To assess the genotoxicity of polymerized dental adhesives and their compatible dental composites from same manufacturers, the following was conducted: 20 ± 0.2 μl of each adhesive system was placed on the Mylar strip (Contour™ Strips, Ivoclar Vivadent) and photopolymerized by a halogen curing unit Elipar TriLight in standard mode (800 mW/cm2) for 20 s. The adhesives were handled exactly by the manufacturers' instructions. Subsequently, 0.025 ± 0.003 g and 0.05 ± 0.002 g of each composite resin were placed on top of the bonding material, covered with another Mylar strip, and mechanically pressed to obtain a 2 mm thick layer. Resin composite samples (n = 2) were for 40 s. The light curing tip was flush pressed onto the Mylar sheet on top of the composite samples. Thereafter, the polymerized composites were separated from the Mylar sheets, and the samples of each material combination were placed in a plastic sterile tube (Greiner Labortechnik Co., Ltd., Frickenhausen, Germany) with saline solution (0.9% NaCl, Sigma, St. Louis, MO, USA) to be eluted for 1 h, 1 day, 7 days, and 30 days. For each 0.1 g of dental composite materials, 1 ml of saline solution was added for the purpose of elution.
Cultures for cytogenetic testing were set up at the end of the elution period. One millilitre of primary leukocyte culture containing 5.6 × 106 cells was introduced into 9 ml of F-10 HAM's medium (Sigma) without the addition of fetal bovine serum or mitogen. Leukocytes were treated with 1 and 100 μl of eluates obtained from each of the tested dental adhesives to, respectively, simulate final mass concentrations of 0.1 and 10 mg of materials/ml. While composite-adhesive elusion solutions were discarded, and the samples were carefully transferred to a new sterile tube (Greiner Labortechnik Co., Ltd., Frickenhausen, Germany), with added 1 ml of primary leukocyte culture (density of 100 cells/μl) and 5 ml of RPMI 1640 (Gibco-Invitrogen, Carlsbad, CA, USA). After that, leukocytes were treated with 0.025 g and 0.05 g of each of the composite/adhesive combinations to, respectively, simulate final mass concentrations of 4.16 and 8.33 mg of sample/ml. Control leukocyte cultures were exposed for 48 h to a clean medium RPMI 1640 (combination of adhesives and composites) and a saline solution (0.9% NaCl, Sigma). Each DNA damage experiment included also positive control, which was hydrogen peroxide, 60 μl, for 15 min on ice. After the treatment period (48 h at 37°C in a 5% CO2 atmosphere), cultures were centrifuged for 10 min at 70 g, the supernatant was discarded, and cells were transferred into a sterile tube (Nange Nunc International, Naperville, IL, USA). They were resuspended and sampled for vital staining and the comet assay. Each DNA damage experiment included also positive control, which was hydrogen peroxide, 60 μl, for 15 min on ice [3, 5].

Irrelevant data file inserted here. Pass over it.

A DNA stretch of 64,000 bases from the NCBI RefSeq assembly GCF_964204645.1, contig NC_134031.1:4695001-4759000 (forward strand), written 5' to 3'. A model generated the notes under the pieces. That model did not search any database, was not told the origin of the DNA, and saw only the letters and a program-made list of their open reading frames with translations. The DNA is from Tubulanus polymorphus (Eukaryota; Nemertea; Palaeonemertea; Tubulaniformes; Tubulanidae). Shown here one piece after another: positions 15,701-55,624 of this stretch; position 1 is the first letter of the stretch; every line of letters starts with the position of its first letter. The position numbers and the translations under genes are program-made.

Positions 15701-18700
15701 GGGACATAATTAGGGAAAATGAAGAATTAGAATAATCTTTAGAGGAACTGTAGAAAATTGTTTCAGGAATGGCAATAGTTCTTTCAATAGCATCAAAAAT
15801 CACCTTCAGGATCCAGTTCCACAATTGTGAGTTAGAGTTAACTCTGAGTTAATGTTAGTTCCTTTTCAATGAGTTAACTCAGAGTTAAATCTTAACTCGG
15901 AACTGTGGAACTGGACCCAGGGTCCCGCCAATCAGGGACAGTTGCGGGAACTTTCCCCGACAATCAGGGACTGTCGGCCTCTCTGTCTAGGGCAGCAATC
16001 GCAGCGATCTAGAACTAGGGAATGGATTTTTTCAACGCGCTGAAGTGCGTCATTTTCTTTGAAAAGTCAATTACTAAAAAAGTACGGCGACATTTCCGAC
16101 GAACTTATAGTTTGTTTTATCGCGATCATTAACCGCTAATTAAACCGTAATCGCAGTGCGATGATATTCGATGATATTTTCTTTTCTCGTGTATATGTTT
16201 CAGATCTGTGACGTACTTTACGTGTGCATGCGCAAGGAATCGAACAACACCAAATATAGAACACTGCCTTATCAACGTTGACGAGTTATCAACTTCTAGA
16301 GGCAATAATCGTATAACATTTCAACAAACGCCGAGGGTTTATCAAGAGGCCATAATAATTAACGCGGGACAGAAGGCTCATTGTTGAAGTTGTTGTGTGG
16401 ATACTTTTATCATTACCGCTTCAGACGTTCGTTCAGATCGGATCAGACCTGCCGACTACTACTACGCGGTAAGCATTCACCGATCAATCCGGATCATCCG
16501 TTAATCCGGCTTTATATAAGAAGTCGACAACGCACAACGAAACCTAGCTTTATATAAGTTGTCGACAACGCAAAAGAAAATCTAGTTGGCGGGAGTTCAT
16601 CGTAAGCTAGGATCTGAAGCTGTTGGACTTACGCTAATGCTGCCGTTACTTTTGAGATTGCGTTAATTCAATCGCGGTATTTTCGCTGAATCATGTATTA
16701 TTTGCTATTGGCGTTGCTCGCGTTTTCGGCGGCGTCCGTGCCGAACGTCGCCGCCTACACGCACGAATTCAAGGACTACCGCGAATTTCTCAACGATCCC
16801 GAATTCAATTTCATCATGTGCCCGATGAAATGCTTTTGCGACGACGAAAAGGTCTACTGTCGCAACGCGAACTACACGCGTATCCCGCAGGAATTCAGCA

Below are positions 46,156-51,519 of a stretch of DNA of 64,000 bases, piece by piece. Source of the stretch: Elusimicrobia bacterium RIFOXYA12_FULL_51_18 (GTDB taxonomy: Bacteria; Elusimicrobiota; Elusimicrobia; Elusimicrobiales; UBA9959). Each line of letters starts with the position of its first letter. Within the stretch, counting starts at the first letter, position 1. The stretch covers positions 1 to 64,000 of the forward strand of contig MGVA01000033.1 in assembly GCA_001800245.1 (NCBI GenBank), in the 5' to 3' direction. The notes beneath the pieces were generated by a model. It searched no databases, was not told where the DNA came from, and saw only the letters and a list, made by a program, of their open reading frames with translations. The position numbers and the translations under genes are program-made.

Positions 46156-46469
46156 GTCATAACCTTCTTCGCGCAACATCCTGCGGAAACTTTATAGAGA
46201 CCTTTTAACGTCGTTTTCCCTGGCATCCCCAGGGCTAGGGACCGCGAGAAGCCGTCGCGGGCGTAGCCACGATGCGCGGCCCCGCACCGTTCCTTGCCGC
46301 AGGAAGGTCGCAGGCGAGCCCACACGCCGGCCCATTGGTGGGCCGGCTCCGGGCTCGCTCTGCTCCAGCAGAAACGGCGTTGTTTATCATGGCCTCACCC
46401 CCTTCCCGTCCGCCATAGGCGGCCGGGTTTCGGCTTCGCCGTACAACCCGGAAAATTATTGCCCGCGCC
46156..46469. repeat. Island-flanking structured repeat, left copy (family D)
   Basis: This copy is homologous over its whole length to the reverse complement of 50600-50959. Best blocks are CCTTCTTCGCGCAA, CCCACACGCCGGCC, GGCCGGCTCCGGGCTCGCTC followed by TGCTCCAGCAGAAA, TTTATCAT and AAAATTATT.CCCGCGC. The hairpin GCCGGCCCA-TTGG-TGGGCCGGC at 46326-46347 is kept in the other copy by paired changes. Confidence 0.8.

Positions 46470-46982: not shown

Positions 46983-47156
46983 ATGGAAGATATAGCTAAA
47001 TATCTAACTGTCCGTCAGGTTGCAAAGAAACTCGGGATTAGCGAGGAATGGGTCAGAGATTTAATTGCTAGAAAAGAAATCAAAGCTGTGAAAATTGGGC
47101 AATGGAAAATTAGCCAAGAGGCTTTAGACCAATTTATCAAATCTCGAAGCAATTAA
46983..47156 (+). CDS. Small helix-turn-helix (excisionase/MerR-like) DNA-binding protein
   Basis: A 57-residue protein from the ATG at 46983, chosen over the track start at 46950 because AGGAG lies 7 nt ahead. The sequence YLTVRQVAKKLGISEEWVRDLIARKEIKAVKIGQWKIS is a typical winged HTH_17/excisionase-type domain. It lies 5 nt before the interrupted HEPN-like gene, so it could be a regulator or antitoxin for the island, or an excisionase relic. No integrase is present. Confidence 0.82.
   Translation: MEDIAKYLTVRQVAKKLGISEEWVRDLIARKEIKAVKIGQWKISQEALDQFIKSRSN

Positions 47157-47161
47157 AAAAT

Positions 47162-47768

2.3. Cytotoxicity testing
Leukocyte viability was tested using the trypan blue exclusion technique . Cell suspension was mixed with 0.4% trypan blue (Sigma) and analysed using an Olympus light microscope (Olympus, Tokyo, Japan) under 100× magnification. For each test group, 1000 leukocytes were analysed by counting unstained (viable) cells. Blue-coloured cells were considered to be nonviable [3, 5].
2.4. Comet assay
The comet assay was carried out under alkaline conditions as described by Singh et al. . All chemicals used to perform the comet assay were obtained from Sigma. Sediment containing leukocytes was suspended in 100 μl of 0.5% low-melting-point agarose. This agarose layer was sandwiched between a layer of 0.6% normal melting point agarose and a top layer of 0.5% low melting point agarose on fully frosted slides. Slides were coded and kept on ice during polymerization of each gel layer. After solidification of the 0.5% agarose layer, slides were immersed in a lysis solution (1% sodium sarcosinate, 2.5 M NaCl, 100 mM Na2EDTA, 10 mM Tris-HCl, 1% Triton X-100, and 10% DMSO) at 4°C. After 1 h, the slides were removed from the lysing solution, drained, and placed in an electrophoresis buffer (0.3 M NaOH and 1 mM Na2EDTA, at pH 13) at 4°C for 20 min to allow the DNA to unwind. Electrophoresis was conducted on a horizontal electrophoresis platform in fresh, chilled electrophoresis buffer for 20 min at 300 mA and 19 V. After electrophoresis, slides were neutralized with Tris-HCl buffer (pH 7.5) three times for 5 min each and stained with ethidium bromide (20 μg/ml) for 10 min. Two slides per material per concentration per polymerization form per time point were analysed using an Ortoplan epifluorescence microscope (Leitz, Wetzlar, Germany) at 250× magnification (Figure 1). One hundred comets per slide were analysed by the comet assay II automatic digital analysis system (Perceptive Instruments, Halstead, UK) by measuring the tail length and intensity (% DNA). For the purpose of the analysis, the following were ignored: the edges and eventually damaged parts of the gel as well as debris, superimposed comets, comets of uniform intensity, and comets without a distinct head (i.e., ‘clouds’, ‘hedgehogs’, and ‘ghost cells’) [3, 5].